In August there were 60 countries sending me any readers at all. 16 of them were single-reader countries. How does this compare to September?

Country Readers
United States 2,039
Canada 80
India 74
Australia 71
United Kingdom 58
Italy 34
Germany 22
European Union 19
Romania 18
Hong Kong SAR China 14
Philippines 14
Singapore 14
Norway 13
Brazil 12
Austria 11
Malaysia 10
Spain 10
France 9
Japan 9
Sweden 9
Netherlands 8
Mexico 7
South Africa 7
Russia 6
South Korea 6
Czech Republic 5
Egypt 5
Croatia 4
Denmark 4
Indonesia 4
Uruguay 4
Switzerland 3
Taiwan 3
Belgium 2
Finland 2
Greece 2
Jamaica 2
Peru 2
Qatar 2
Saudi Arabia 2
Sri Lanka 2
Thailand 2
Trinidad & Tobago 2
United Arab Emirates 2
Bangladesh 1
Belize 1
Bulgaria 1
Chile 1
Colombia 1 (*)
Fiji 1
Honduras 1
Iceland 1
Iraq 1
Israel 1
Kenya 1
Kuwait 1
Macedonia 1
New Zealand 1 (*)
Poland 1
Turkey 1 (*)

Once again 60 countries sent me readers. Yes, I double-checked that I didn’t look at the wrong month’s data. 16 of them were single-reader countries. Yes, I checked again that I was looking at the correct month. Colombia, New Zealand, and Turkey were the only single-reader countries two months in a row. See? I have to be looking at the correct month. And yeah, 2,039 readers from the United States. Yes, I checked that I didn’t hit the Chuckletrousers number. Still weird. Looking at month-to-month totals it seems like half my readership decline was just people in India and Canada not coming around. Maybe I need to comment more about Australian politics to get them back?

October started with my blog having reached 99,519 viewers, from 54,713 unique visitors. Yes, I’m excited by the idea of reaching 100,000 viewers too. When I do reach that I can start the countdown to the Fibonacci number of viewers, 112358. Won’t that be exciting? It will too.

As of the start of October I’ve posted 273 things on this blog for 2018. There’ve been 177,181 words published total. That’s 18,197 total words published over the month, down from August’s 20,725. I’m averaging 641 words per post this year, down from 654 at the start of the month. There’ve been 641 comments total, for an average 2.3 comments per post this year. That’s the same average as at the start of September. There’ve been 1,671 total likes this year so far. That’s an average of 6.1 likes per posting, down from the start of September’s 6.2.

You can follow Another Blog, Meanwhile by RSS, using whatever reading tool you like. If you’d rather put it in your WordPress Reader, use the button that says something about adding the blog to your reader. It should be at the upper right corner of the page. You can find me as @nebusj on Twitter. All my postings should be announced there as they happen. Thanks for reading.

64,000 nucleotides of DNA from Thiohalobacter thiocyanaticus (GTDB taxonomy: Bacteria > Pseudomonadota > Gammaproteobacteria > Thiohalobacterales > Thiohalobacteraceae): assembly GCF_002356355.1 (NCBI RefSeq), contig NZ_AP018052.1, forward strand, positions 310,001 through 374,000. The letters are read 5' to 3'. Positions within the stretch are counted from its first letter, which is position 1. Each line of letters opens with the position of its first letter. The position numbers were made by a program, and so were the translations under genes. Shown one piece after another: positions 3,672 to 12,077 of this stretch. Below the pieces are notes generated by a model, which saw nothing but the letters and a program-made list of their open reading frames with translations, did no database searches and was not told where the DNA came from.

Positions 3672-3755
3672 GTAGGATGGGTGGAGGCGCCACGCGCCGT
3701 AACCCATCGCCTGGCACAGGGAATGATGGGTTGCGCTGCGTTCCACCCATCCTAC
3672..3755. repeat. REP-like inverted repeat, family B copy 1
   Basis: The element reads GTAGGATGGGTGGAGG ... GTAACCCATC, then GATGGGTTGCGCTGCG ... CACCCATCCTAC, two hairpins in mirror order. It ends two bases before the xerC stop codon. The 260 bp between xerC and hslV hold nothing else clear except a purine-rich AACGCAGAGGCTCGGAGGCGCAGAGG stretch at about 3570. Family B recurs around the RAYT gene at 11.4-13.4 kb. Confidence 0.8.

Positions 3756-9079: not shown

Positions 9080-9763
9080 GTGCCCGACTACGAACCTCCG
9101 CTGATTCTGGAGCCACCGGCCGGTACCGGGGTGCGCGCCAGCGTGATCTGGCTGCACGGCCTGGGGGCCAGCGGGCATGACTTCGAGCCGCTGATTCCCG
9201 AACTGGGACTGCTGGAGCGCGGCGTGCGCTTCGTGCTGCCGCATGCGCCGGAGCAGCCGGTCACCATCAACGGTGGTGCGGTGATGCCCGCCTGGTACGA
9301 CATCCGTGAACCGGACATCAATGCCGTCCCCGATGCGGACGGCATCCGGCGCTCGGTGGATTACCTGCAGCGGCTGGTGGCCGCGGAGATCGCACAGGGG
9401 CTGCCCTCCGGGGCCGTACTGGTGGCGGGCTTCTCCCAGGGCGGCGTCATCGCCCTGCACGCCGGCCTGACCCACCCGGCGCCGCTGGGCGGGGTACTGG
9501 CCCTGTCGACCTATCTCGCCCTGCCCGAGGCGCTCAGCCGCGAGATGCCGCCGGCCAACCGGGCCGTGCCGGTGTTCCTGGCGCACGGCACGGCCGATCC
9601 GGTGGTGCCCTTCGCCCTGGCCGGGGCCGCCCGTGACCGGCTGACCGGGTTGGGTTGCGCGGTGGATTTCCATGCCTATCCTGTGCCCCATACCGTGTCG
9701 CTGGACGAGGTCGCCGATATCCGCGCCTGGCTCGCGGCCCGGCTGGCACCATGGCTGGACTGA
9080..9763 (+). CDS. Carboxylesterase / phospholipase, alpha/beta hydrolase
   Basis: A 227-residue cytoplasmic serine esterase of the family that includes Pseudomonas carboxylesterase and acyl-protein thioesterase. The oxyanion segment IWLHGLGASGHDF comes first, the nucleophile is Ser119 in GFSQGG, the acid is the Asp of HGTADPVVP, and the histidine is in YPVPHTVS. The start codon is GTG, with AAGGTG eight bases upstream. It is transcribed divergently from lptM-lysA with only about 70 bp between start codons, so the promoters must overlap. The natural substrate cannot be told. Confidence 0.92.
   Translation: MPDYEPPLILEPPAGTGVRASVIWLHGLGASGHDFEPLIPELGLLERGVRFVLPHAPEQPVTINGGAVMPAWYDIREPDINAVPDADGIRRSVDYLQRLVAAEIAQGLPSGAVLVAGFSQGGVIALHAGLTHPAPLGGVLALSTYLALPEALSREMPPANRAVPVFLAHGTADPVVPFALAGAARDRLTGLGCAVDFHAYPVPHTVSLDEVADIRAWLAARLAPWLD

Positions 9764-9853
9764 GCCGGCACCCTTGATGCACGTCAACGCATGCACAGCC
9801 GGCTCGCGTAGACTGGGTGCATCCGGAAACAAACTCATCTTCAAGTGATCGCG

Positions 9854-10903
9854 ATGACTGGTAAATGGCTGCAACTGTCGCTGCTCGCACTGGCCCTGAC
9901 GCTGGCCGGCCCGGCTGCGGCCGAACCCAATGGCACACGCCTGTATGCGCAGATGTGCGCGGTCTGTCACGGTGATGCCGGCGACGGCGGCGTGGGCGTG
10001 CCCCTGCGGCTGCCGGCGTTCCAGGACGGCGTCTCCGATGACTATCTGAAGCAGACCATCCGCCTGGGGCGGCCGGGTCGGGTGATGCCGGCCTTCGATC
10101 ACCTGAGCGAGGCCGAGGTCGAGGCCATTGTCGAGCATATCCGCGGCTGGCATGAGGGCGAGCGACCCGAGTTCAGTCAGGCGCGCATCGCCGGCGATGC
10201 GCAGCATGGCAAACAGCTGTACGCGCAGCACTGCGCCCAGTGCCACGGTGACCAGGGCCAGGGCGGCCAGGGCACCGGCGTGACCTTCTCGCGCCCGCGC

Statistics Monday: How September 2017 Treated My Humor Blog


So the first thing is readership was up again, back above the 2,000-pageview mark. WordPress says I had 2,126 pages viewed in September, back from August’s 1,965 to about July’s 2,132. This seems to be roughly my level, now that I’ve made “summarizing the plots of the story strips” a regular feature around here. The regular monthly page view count is just about what it was in October 2015, shortly before the espers completed the final demolition of Margo, Lu Ann, and I suppose there must have been another woman living in Apartment 3-G.

If there is a troubling sign, and I can find a troubling sign in anything, it’s that this reading comes from fewer people. WordPress says there were 1,089 unique visitors in September, noticeably down from August’s 1,301 and July’s 1,349. But there is a good sign, and I can find a good sign in anything, it’s that the number of pages viewed per visitor rose. So at least enough people went archive-binging to change the views-per-visitor average. It’s usually around 1.4 to 1.6 page views per visitor; for September, it was 1.95.

The long, long secular decline of “likes” took a pause. 143 things were liked around here in September, as opposed to August’s 137 and July’s 154. Nothing like the heady days of summer 2015, but still, any delay in my unavoidable collapse is welcome. Comments rebounded, happy to say, to 38 in September. They’d been at 19 in August and 11 in July. This one’s easier to explain: Roy Kassinger, of the fun web comic Housepets!, is in that happy stage between discovering me and discovering he’s seen about all of my tricks. I’m going to enjoy that while it lasts. You might enjoy the comic; please, give it a try.

My most popular readership day has switched to Thursday, when 17 percent of page views were logged in September. The long-form pieces that I put the most effort into I post on Fridays, per the WordPress clock, so I’m going to cling to how 17 percent isn’t really that much more than 1/7th to tell myself that’s all right. The most popular hour is that starting 12 am, WordPress time, which is when I set stuff to post anyway. That hour saw 13 percent of page views. Last several months it had seen 12 percent.

Now for the Running of the Countries: How many page views went to each country, per WordPress’s statistics, plus that European Union entry that’s there for the reasons:

Country Readers
United States 1550
Canada 77
United Kingdom 62
India 60
Brazil 43
Spain 32
Australia 21
Mexico 20
Philippines 19
Romania 16
New Zealand 15
Germany 14
Russia 14
Ireland 13